Security researchers disclosed a vulnerability dubbed ROBOT on Dec. 12 that is based on an encryption risk that was first disclosed in 1998. Multiple hardware vendors and well-known public websites were potentially at risk from the flaw, which has now been patched.
The Return Of Bleichenbacher's Oracle Threat (ROBOT) was reported by security researchers Hanno Böck, Juraj Somorovsky and Craig Young.
"Many web hosts are still vulnerable to one of the oldest attacks against RSA in TLS," the researcher abstract stated. "We show that Bleichenbacher's RSA vulnerability from 1998 is still very prevalent in the Internet and affects almost a third of the top 100 domains in the Alexa Top 1 Million list, among them Facebook and Paypal."
"In 1998, Daniel Bleichenbacher discovered that the error messages given by SSL servers for errors in the PKCS #1 1.5 padding allowed an adaptive-chosen ciphertext attack," an FAQ on the ROBOT attack states. "This attack fully breaks the confidentiality of TLS when used with RSA encryption."
The researchers discovered that the same attack with slight varation is still possible against modern websites. There are multiple impacted vendors that include SSL/TLS in their products including Cisco, F5 and Citrix. Craig Young, security researcher at Tripwire and a co-author of the ROBOT research said that he was not terribly surprised to find that there were still SSL/TLS implementations that were vulnerable to the Bleichenbacher attack. What was surprising to him was that the researchers were able to find reliable attacks on equipment serving so many prominent web sites.
"It has been pretty well-known in the crypto community for some time that the Bleichenbacher countermeasures are difficult to get right," Young told eWEEK. "One of the driving forces behind this research was to demonstrate conclusively why RSA encryption based key exchange modes should be deprecated from use."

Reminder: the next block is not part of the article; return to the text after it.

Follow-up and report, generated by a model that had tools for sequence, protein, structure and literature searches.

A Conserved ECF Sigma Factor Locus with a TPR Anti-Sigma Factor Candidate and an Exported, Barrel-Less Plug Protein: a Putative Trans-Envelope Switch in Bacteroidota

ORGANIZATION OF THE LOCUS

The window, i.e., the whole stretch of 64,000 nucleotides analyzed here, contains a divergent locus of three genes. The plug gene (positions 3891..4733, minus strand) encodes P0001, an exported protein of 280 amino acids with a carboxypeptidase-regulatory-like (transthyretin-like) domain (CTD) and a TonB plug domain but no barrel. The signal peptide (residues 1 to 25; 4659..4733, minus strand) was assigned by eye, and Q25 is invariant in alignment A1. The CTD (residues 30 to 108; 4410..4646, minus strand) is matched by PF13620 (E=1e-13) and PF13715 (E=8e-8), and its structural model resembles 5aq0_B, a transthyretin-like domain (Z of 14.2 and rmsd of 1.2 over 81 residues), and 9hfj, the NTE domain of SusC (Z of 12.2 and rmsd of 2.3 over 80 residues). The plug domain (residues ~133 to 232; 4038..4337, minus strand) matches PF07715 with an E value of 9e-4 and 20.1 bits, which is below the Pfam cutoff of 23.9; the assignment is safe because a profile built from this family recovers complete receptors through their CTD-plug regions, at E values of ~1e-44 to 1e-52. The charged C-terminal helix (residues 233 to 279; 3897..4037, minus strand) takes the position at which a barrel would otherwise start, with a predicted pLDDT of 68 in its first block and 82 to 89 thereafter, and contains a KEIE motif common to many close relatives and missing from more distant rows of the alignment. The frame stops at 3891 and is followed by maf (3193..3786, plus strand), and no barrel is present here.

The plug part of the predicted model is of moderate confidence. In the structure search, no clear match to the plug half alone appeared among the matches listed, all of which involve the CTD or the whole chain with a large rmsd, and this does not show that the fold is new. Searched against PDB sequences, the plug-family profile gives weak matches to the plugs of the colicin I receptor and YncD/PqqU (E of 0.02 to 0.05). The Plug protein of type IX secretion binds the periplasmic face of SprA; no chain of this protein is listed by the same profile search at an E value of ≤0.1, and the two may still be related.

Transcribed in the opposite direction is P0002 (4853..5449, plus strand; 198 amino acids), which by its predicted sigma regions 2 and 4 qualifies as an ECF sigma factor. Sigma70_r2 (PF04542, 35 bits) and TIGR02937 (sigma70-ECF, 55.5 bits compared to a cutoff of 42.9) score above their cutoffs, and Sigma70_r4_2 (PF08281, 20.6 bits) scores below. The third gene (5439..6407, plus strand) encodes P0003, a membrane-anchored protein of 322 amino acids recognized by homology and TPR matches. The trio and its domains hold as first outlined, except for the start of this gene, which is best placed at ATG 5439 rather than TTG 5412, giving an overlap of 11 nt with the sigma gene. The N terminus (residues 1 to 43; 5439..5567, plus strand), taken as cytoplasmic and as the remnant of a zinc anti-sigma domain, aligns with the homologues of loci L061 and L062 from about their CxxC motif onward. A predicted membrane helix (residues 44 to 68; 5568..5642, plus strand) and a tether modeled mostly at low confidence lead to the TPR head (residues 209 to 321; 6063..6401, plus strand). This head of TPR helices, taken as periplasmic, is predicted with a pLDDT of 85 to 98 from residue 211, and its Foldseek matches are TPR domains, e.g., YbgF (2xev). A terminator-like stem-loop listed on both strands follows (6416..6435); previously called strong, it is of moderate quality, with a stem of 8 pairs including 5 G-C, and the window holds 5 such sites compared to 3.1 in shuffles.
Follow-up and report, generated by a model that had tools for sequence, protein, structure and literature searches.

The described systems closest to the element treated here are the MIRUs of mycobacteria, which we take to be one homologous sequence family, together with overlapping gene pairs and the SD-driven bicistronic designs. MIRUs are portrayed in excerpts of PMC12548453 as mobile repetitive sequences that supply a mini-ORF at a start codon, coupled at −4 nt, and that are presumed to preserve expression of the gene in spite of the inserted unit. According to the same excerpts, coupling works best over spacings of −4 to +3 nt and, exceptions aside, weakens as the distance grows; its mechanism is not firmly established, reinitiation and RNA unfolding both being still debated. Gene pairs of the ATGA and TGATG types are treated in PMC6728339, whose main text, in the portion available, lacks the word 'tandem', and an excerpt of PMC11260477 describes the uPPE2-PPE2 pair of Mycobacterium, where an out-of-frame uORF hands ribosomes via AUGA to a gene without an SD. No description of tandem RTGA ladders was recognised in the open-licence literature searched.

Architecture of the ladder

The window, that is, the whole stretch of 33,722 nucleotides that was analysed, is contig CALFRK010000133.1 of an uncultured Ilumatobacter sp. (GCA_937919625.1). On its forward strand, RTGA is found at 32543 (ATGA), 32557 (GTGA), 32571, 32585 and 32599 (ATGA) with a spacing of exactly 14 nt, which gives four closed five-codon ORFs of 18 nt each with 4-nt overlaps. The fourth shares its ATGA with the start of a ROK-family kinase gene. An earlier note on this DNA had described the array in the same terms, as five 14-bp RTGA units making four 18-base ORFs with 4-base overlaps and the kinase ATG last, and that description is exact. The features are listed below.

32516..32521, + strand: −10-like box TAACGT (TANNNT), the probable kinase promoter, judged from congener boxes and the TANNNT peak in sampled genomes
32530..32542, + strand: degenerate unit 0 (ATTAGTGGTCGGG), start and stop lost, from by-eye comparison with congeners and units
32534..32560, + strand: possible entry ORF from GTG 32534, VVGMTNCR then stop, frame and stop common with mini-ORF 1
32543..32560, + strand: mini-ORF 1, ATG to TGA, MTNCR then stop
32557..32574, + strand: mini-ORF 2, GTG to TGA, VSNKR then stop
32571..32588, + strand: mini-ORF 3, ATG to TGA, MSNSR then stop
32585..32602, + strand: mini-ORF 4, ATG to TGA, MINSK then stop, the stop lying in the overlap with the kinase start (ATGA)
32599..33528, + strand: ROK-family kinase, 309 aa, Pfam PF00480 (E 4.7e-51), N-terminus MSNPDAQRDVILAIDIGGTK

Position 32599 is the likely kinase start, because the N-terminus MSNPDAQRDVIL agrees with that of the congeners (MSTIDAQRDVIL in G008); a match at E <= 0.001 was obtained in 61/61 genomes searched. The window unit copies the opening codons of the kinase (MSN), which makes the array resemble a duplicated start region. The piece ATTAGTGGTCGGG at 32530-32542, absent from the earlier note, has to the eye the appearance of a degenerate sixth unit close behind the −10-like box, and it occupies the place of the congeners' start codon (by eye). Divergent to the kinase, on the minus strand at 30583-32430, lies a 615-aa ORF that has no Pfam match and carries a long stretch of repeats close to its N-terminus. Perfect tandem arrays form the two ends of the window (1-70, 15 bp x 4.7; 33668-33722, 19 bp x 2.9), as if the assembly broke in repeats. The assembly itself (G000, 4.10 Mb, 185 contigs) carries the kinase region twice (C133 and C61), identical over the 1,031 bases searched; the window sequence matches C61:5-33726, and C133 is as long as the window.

While the ROBOT attack is possible, it's not necessarily easy. The researchers have not yet publicly released any code for organizations to attempt to exploit the vulnerability. Young said that the researchers that conducted the ROBOT research have built their own tool which can decrypt and sign, using the private keys of vulnerable servers.
"We are also aware that other researchers have designed tools for exploiting Bleichenbacher including published algorithms as referenced in our paper," Young said. "After sufficient time has passed for patch deployment, our attack code will be released for others to study and build upon."
Tod Beardsley, director of research at security firm Rapid7 commented that he was surprised at the number of sites and vendors that were at risk from the flaw.
"We already have much better key exchange and padding functions widely available today and there is no good reason to keep these around," Beardsley told eWEEK. "But, I suppose that shouldn't be too surprising—the internet is pretty sticky when it comes to hanging on to old technologies."
What Should Users Do?
There is a simple test available that can help organizations to determine if they are at risk from ROBOT. Additionally multiple vendors have issued patches to help mitigate the risk. A full list of vendor patches is available here.
Another option to help mitigate the risk, is the use of the TLS 1.3 protocol which is expected to become a formal standard in 2018. Young noted that the decision was made early on in the standards process that TLS 1.3 will not use the vulnerable static RSA key exchanges that make the ROBOT attack possible.
Beardsley commented that the best thing IT administrators can do today is to see if they're still providing the affected RSA cyphers and disable those for any service where cryptographic security is desired.
"Also, IT administrators should make it a habit to scan their own environment today, and going forward, in order to catch new TLS endpoints that offer these deprecated RSA ciphers," Beardsley said. "This should be part and parcel of any normal, routine vulnerability scanning that mature security organizations already perform.
Sean Michael Kerner is a senior editor at eWEEK and InternetNews.com. Follow him on Twitter @TechJournalist.